What will things be like when this gets published, in 23 days? My life, once again, will have completely changed. It does that a lot, nowadays. Perhaps, though, I am due for some consistency. I have been offered a job: to long-term substitute an English class while a teacher is on maternity leave.

I’m so excited. I’m so terrified.

Before I have time to be scared of that, though, I have to be scared of teaching summer school…but, by the time you read this, I will have already taught half a week, so. Maybe it’s not so bad after all. I mean, I’ve already done it.

 

I want Ireland to change me like Norway did. Norway healed me in ways I didn’t know I could be healed. I want Ireland to not just help me heal, but help me thrive. I want to be able to fill my lungs with Irish air and fill my stomach with Irish beer and feel a sense of comfort and adventure and peace.

Why is it when I most want peace, I throw myself into a maelstrom?

Anna Peefer–a short story

This story has been in my “drafts” for over two years now. I’ve not got the energy to edit it over, but I’ll publish it here.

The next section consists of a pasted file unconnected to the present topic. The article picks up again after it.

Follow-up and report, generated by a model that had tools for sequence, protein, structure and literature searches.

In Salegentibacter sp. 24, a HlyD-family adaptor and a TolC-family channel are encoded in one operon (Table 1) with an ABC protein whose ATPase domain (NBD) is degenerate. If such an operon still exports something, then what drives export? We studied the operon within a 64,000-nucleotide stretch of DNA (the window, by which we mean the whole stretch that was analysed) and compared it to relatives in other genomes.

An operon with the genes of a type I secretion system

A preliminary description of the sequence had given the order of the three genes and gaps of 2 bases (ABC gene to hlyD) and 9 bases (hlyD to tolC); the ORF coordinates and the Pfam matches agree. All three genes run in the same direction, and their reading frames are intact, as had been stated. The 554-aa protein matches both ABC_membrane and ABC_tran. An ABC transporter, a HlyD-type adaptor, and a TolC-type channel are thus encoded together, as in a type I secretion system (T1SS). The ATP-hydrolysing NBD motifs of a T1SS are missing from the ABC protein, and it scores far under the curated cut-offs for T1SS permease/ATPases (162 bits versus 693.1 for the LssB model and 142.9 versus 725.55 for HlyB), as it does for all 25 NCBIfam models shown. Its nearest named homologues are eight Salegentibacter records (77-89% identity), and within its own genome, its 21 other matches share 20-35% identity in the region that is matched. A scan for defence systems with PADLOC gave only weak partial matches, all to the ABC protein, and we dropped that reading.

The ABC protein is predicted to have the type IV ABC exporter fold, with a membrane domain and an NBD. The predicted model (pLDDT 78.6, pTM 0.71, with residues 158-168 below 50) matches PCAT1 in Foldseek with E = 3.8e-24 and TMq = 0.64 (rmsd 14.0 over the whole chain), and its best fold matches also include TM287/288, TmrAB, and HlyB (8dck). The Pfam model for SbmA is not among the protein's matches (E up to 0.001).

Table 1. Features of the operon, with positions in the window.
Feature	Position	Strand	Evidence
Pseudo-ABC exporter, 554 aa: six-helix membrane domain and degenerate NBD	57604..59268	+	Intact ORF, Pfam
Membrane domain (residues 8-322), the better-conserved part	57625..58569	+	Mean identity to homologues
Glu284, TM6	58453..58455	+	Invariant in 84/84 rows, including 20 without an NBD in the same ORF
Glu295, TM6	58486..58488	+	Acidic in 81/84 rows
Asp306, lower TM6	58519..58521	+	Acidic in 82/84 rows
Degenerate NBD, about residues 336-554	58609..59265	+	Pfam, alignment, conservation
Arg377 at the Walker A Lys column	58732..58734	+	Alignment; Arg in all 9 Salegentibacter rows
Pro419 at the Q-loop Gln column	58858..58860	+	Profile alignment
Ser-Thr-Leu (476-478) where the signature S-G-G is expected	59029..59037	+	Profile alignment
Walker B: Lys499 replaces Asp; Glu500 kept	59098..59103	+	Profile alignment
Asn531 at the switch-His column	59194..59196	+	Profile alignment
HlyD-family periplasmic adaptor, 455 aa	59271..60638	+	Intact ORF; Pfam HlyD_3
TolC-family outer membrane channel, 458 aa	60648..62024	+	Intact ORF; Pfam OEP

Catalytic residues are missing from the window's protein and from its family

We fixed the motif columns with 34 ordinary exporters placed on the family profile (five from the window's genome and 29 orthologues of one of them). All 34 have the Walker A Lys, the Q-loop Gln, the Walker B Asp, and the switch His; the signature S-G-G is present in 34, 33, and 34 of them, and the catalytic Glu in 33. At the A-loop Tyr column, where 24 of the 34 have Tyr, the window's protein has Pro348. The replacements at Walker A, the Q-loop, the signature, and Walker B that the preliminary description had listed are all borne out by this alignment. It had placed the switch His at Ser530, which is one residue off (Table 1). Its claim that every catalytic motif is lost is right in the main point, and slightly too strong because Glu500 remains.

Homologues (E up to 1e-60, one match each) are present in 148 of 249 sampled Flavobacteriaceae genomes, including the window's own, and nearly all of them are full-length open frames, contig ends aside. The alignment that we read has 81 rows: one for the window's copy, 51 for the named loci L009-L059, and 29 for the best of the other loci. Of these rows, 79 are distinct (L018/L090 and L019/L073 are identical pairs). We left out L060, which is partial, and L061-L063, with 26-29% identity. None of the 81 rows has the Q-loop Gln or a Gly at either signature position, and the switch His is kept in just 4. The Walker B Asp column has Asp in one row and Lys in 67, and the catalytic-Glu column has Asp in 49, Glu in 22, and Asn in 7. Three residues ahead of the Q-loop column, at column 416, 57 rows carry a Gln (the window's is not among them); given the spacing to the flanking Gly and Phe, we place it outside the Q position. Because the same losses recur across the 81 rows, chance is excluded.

Anna Peefer went to Funland Extremepark every Saturday in June and July. She brought her nieces twice, but the other weeks she went alone, riding the nine roller coasters two or three times each and nothing else. She never got sick, or sick of riding. She’d buy a bag of kettle corn worth its weight in gold, munching on and off all day. She often jumped half the line, when attendants searched around for a single rider. No one at the park knew who she was. It was amazing. She was free.

Anna Peefer always went with her wild curls tied back as well as she could. She liked her hair in box braids but on the roller coasters they thrashed about and she was afraid of them getting caught in something, so in the summer she kept her hair loose and frizzy, tied back and out of her face. She liked to see the sky take up her whole vision as the cart tilted backward, all the blood rushing to the back of her head, her heels sliding against the metallic floors, her fingers tighter on the shoulder restraints than the restraints themselves were on her.

Then a swishing in her stomach, and the trees and Ferris wheel would come into view, bit by bit. Anna Peefer, on top of the world.